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A musician back on a mission – THE UNDERCOVER HIPPY – makes his long-awaited return in 2023.
After a few years off-grid, the alias of Billy Rowan is embarking on a fresh operation for the new year ahead, briefed with a brand new album release ‘Poor Little England’ (out 7 April), and an extensive UK Tour unlike any he has done before.
Firing the starting gun for the journey to come, today (3 Feb) The Undercover Hippy releases his first music from the new record – the irresistibly catchy single: “Hey Boy”.
THE UNDERCOVER HIPPY – LISTEN TO THE NEW SINGLE: “HEY BOY” HERE
“Hey Boy” dates back to a time in 2019 in which Rowan found himself relying on his phone with the unnerving dependency of a life support machine. Emerging with a poppy, upbeat, and motivational song about a thoroughly miserable experience and how he overcame it, he explains of the track:
“I wrote this song about my own unhealthy relationship with my phone and how I used it to self-medicate when I was feeling depressed. I was living alone at the time, and when I was in a negative headspace, I would escape into the world of social media scrolling, only to emerge 2 hours later feeling 10 times worse! So I wrote this song to remind myself that the best way to get out of a funk is to get up off the sofa, leave the house and seek out some real face to face interaction with other human beings. I hope it can help other people in the same situation, and also help to break down some of the stigmas around mental health and asking for help.”
Balancing a buoyant ska beat, starry piano lines and those dextrous, pop-culture packed quips that have made The Undercover Hippy a lyrical force to be reckoned with; “Hey Boy” is taken from his long-awaited new album ‘Poor Little England’, which drops this April.
The follow-up to 2017’s ‘Truth & Fiction’, a deeply political album forged in the shadow of the Brexit referendum and consumed with fake news, internet privacy paranoia, and the fallout of the U.S. election; its successor reflects a world with even bigger fish to fry, and a public (and artist), whose overloaded attention spans are facing critical mass…
With writing sessions beginning in 2017 (and the album originally planned for release in 2020), ‘Poor Little England’ has been a long time in the making; and in-fact almost didn’t make it at all. Waylaid by the pandemic, politics, and just about every hurdle life could throw at him (many of which are expressed in the record’s self-effacing lyrics), through grit and determination, The Undercover Hippy stayed true to his vision to create one of his most observed and honest records to date.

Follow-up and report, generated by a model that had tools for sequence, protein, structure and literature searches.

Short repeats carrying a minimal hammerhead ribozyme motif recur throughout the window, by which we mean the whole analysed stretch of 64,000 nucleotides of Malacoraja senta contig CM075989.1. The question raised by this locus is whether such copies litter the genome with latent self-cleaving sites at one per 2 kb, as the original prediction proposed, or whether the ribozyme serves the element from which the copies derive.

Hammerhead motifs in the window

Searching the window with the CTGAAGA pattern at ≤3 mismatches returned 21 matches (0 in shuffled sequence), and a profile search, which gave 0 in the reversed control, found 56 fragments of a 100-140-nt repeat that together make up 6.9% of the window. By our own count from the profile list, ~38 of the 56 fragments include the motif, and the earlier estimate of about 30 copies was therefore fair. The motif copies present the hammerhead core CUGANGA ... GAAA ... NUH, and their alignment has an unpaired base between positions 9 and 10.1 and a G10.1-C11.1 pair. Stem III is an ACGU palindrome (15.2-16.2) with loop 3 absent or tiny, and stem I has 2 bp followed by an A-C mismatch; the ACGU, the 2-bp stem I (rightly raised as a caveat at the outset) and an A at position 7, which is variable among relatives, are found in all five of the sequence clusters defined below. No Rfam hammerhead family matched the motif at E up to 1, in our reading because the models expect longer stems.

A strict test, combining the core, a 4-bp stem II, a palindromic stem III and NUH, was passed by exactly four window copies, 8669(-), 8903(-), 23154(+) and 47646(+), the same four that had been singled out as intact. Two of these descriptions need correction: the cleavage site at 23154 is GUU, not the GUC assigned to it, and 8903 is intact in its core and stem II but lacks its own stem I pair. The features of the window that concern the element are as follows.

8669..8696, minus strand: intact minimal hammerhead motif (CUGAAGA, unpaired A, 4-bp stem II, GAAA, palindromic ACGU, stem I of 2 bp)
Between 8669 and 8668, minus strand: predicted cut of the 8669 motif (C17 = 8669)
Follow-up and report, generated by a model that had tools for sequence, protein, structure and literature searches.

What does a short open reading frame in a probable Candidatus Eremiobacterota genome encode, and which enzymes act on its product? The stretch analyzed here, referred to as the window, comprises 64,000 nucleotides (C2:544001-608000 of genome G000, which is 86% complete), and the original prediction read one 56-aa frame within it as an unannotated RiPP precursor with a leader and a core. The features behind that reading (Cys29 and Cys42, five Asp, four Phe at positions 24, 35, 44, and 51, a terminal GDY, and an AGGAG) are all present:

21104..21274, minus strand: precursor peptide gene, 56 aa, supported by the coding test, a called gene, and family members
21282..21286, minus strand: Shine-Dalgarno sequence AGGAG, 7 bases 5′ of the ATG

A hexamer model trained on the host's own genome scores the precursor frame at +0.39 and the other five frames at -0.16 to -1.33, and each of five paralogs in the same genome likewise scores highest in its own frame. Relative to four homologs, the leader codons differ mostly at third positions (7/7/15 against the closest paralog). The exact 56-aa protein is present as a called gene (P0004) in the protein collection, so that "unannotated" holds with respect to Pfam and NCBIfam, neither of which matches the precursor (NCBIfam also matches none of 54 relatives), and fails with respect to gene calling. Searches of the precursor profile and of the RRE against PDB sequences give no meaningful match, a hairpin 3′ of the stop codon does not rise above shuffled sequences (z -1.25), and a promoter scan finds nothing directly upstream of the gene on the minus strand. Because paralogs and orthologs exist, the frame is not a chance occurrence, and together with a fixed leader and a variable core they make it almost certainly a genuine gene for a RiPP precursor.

“Covid came along and everything went out the window. It’s been a real slog getting it back on track” remembers Billy, “At times I’ve almost given up, but somehow, 6 years after starting work on these new songs, they are all finally finished and ready to share with the world.”
But sometimes delays happen for a reason. A testament to its six year gestation period, the record now stands as an intriguing chronicle of just how much has changed in that time.
From the downbeat diaries of “Not Paying Attention”, a song written back in the barmy days of 2018 when Trump was dominating the headlines, through to The Specials-esque two-tone of “Fool Britannia” which captures the rabid pandemonium that consumed the UK on the eve of its exit from the EU in 2019, and on to the socially distanced satires of 2020-21 like “Greed” (which points the finger at those who profited from the pandemic, with some choice Boris Johnson impersonations to boot) and “Not My Place” (which lampoons the government’s feeble efforts to get the public shopping again after lockdown was initially lifted); ‘Poor Little England’ captures the political s**tshow the British public have endured these past few years with a sparky lyrical wit and wry sense of humour.